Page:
In the first volume of FRUS (and here), Lincoln had urged the United States to recognize Haiti and Liberia, two countries with unique relationships to slavery. The Haitian Revolution at the turn of the nineteenth century terminated slavery in that country, and soon after Liberia was settled by liberated slaves from the United States. In 1862, the United States recognized both countries, and in 1865 both countries reacted to Lincoln’s death. The Liberian proclamation mourned a man who “was not only the ruler of his own people, but a father to millions of a race stricken and oppressed.” Arguing that Lincoln had “died to redeem a nation, a race,” the Liberians predicted that “generations yet unborn shall call him the mighty ruler, the great emancipator, the noble philanthropist.” The Secretary of the Haitian Legation in the United States denounced the assassination as a “horrid crime,” and noted that the death of Lincoln and the attempt on the life of both Sewards “have thrown the whole United States into consternation and mourning, [and] will everywhere excite the same wail of sorrow and condemnation.”

Perhaps one of the most remarkable parts of the volume comes not from the official expressions of sorrow but the messages sent spontaneously from other groups of citizens all over the globe. FRUS does not usually publish “unofficial,” non-governmental correspondence, but this volume includes a healthy selection of just that type of correspondence. A group of Freemasons in France wrote to President Johnson that they “wish[ed] to express to you their sentiments of admiration, gratitude, and regret for Lincoln, and their profound sympathy for the government of which you are the head. The blood of your martyred magistrate becomes a fecundating dew to give to liberty a new baptism throughout the entire universe.” The residents of Lahaina, in the Hawaiian Islands, passed resolutions in which they “weep together with the republic of America for the murder, the assassination of the great, the good, the liberator Abraham Lincoln, the victim of hell-born treason—himself martyred, yet live his mighty deeds, victory, peace, and the emancipation of those despised, like all of us of the colored races.” A group of workingmen in the Prussian capital of Berlin noted that Lincoln was a laborer’s son and “himself a laborer, he took up the fight for the rights of free labor and carried it to a triumphant termination.” While mourning his death, the laborers noted that “the freedom which has thus been sealed with the blood of one of the noblest men” will ultimately be victorious, and that the U.S. flag will represent “the cause of freedom and civilization” wherever it flies.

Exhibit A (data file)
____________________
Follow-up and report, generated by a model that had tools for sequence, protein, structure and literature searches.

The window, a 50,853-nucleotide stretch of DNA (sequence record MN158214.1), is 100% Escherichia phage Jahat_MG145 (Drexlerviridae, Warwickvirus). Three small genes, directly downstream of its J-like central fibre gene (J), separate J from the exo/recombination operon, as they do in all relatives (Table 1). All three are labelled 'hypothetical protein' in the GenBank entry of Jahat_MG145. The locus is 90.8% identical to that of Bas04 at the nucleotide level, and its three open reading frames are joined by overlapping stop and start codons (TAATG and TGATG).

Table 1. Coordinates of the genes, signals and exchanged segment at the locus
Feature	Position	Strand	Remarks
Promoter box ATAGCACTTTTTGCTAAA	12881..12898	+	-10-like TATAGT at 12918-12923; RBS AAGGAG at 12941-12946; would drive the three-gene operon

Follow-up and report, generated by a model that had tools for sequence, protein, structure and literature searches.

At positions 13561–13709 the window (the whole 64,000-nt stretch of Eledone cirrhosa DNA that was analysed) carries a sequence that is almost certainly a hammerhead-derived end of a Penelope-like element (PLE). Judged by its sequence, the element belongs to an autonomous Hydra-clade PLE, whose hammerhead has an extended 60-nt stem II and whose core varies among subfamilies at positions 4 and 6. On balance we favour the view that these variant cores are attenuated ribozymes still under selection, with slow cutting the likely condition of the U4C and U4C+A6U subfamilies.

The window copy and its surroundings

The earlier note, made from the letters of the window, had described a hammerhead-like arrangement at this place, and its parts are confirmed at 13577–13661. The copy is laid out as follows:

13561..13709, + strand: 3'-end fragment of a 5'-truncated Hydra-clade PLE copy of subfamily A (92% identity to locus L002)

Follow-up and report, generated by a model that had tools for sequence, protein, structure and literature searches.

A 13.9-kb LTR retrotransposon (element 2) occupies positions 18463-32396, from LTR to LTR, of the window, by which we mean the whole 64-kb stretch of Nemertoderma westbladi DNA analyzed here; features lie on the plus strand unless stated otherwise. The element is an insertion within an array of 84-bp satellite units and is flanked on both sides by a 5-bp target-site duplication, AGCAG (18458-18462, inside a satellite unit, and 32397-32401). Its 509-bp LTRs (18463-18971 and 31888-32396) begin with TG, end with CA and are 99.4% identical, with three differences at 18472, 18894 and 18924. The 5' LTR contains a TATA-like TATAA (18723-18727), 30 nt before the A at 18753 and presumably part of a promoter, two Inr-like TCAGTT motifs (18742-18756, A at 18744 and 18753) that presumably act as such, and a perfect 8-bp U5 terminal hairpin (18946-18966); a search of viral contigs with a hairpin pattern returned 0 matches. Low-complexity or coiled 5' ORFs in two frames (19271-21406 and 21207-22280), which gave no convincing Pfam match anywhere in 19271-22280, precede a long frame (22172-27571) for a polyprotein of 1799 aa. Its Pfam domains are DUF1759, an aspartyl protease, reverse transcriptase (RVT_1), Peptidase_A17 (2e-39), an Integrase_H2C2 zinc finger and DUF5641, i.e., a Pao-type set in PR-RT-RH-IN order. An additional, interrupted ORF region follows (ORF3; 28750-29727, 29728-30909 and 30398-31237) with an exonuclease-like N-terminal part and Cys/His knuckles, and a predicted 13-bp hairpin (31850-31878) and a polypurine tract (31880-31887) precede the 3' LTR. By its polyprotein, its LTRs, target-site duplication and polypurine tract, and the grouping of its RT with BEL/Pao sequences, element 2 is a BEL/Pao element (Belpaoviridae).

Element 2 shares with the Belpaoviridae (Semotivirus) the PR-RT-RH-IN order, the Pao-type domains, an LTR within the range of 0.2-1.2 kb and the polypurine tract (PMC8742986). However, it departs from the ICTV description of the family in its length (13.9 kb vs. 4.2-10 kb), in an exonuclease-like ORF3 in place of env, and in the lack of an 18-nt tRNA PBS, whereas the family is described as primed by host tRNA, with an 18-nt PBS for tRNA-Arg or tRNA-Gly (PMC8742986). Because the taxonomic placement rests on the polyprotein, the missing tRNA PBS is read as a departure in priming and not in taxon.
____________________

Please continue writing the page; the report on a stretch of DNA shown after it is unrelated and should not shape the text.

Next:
This special volume of FRUS documents a remarkable outpouring of grief at the news of Lincoln’s death. Official expressions of sympathy from governments were printed side-by-side with resolutions and proclamations from groups of citizens. A century and a half after his time in office, Lincoln still looms large as one of our most significant presidents. The documents in this volume confirm that his stature around the world was already in place at the time of his death.


Editor's note: Throughout November, IrishCentral is commemorating Kennedy month, in honor of the famed Irish American political dynasty and their legacy. In the countdown to the anniversary of JFK's assassination on November 22, 1963, we look at the events surrounding his death. including the investigation into the crime.

Here we look at claims Kennedy predicted he would be assassinated. For more on JFK and the Kennedy family, you can visit our special topic page.